That said, it's hardly a bad album. If we rate "hook force" on a limited scale of 1-2-3, where 1 is total absence and 3 is total genius, Airborne would get a solid 2: the songs are written with the intent of making them distinguishable through certain melodic moves, not with the intent of following a given formula. The nadir of the record, in fact, is the only tune that prog-lovers would probably dig - the ridiculous eleven-minute epic 'Moonshine'. I don't have anything to say about it, as there isn't a single memorable element in the song, just a lot of violin/guitar wanking that goes nowhere, and the verses are so slow, drawn out and hookless that it's totally impossible to concentrate on the number. I get the same feeling I get from listening to a Kansas epic - although, granted, I'd still take Kristina's vocals over those hairy Kansas guys every day of the week. This just goes to show that by 1976, Curved Air were simply not able to do progressive rock. I wouldn't press that as a serious accusation against them, though. Who on Earth could do progressive rock by 1976? Genesis? Okay, Genesis could do progressive rock by 1976, but they couldn't do it by 1977. What would you expect from a 'second-row' prog band, then?

Thank God they could still do some excellent pop. Like 'Desiree', for instance. Cool seducing croon from Kristina totally makes the song (if the falsetto on the 'since you were grown enough not to cry' line doesn't get you, I don't know why the hell I'm reviewing the band at all), and the lightweight playful atmosphere is totally in harmony with the album cover. 'Juno' ain't bad either, although Darryl's lyrics are among the dumbest I've ever witnessed - was there an actual point he wanted to state with the song's useless story or was it just an intentional throwaway? The best thing about the song is its driving violin rhythm anyway; Jeff Lynne might have definitely envied that. 'Kids To Blame' is a strange one, one of the band's rare attempts at social critique: raising her voice in anger, Sonja complains about the cops doing unjustice to the young 'uns. Generic, but weird to hear from Curved Air.

Other highlights (all minor, but pleasant) would include the boppy 'Touch Of Tequila', a song so otrageously hedonistic, egotistic, simplistic, realistic, pantheistic and chauvinistic that any prog fan would feel himself directly slapped in the face, but I feel seduced by the number's joy that's almost unfaked, so I have no problem, and a similar case could be constructed around 'Hot And Bothered'. Out of the ballads, the closing 'Dazed' is dreadfully sappy (and Kristina certainly sounds like an almost exact clone of the ABBA girls, although she bleats a little more), but I'm still fond of the romantic, excellently constructed coda.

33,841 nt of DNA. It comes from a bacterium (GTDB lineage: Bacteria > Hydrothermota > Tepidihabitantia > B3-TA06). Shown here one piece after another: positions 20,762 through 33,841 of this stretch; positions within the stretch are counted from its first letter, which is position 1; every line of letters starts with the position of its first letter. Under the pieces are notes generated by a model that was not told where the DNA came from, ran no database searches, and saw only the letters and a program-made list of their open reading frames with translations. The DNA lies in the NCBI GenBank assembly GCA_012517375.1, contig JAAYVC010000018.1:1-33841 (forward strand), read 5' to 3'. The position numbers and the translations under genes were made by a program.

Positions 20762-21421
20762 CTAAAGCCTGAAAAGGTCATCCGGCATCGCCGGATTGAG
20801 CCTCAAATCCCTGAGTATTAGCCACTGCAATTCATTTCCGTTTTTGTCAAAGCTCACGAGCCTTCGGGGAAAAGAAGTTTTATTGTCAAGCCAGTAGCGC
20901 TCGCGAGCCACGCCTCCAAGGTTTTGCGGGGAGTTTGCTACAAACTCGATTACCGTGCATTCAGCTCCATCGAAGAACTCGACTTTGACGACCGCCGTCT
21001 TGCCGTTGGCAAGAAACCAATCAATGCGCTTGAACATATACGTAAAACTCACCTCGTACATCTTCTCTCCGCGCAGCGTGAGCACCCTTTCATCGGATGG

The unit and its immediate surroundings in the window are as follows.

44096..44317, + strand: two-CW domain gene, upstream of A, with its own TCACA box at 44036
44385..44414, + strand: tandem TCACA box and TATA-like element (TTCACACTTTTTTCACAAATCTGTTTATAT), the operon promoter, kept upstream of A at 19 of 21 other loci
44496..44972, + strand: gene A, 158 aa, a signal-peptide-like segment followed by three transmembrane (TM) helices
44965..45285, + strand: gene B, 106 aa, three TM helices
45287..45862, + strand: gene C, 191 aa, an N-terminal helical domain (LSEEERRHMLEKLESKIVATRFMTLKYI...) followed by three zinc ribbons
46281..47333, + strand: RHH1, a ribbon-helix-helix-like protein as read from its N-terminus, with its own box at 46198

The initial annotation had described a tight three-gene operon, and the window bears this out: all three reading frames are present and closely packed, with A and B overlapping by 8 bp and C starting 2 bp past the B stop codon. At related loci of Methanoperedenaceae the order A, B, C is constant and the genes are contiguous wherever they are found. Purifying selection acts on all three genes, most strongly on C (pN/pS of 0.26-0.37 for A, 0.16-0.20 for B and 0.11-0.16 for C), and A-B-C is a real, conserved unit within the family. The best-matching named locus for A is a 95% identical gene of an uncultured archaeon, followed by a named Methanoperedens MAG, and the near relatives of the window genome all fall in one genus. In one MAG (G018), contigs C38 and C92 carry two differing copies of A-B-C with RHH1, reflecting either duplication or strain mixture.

That said, I wanna point out that Airborne is still a very unhappy conclusion to Curved Air's legacy - a former 'wonder of the underground' is now reduced to the status of a second-, if not third-rate generic pop band. You could almost swear that had they carried on for a couple more years, they would have certainly caught the 'saturday night fever' and become an equally generic disco outfit - with Sonja's vocal abilities, they would have ripped 'em Bee Gees apart! Oh, oh, well, at least they had the good sense not to do that. They had entirely sacrificed their former identity and came out with results that were too unsuccessful to justify it.

Funny that my CD edition ends with a bonus track lifted off a contemporary single, one of their last - namely, their cover of Big Bill Broonzy's 'Baby Please Don't Go' (!). It's the "heaviest" and fastest song on here, and sounds surprisingly well; I wouldn't actually be surprised to find out it was influenced by AC/DC's version of the song, which became widely available to the public at around the same time. Fast, precise, energetic... totally incompatible with the material on Airborne, and somewhat mysterious in that respect. Two minutes and twenty eight seconds.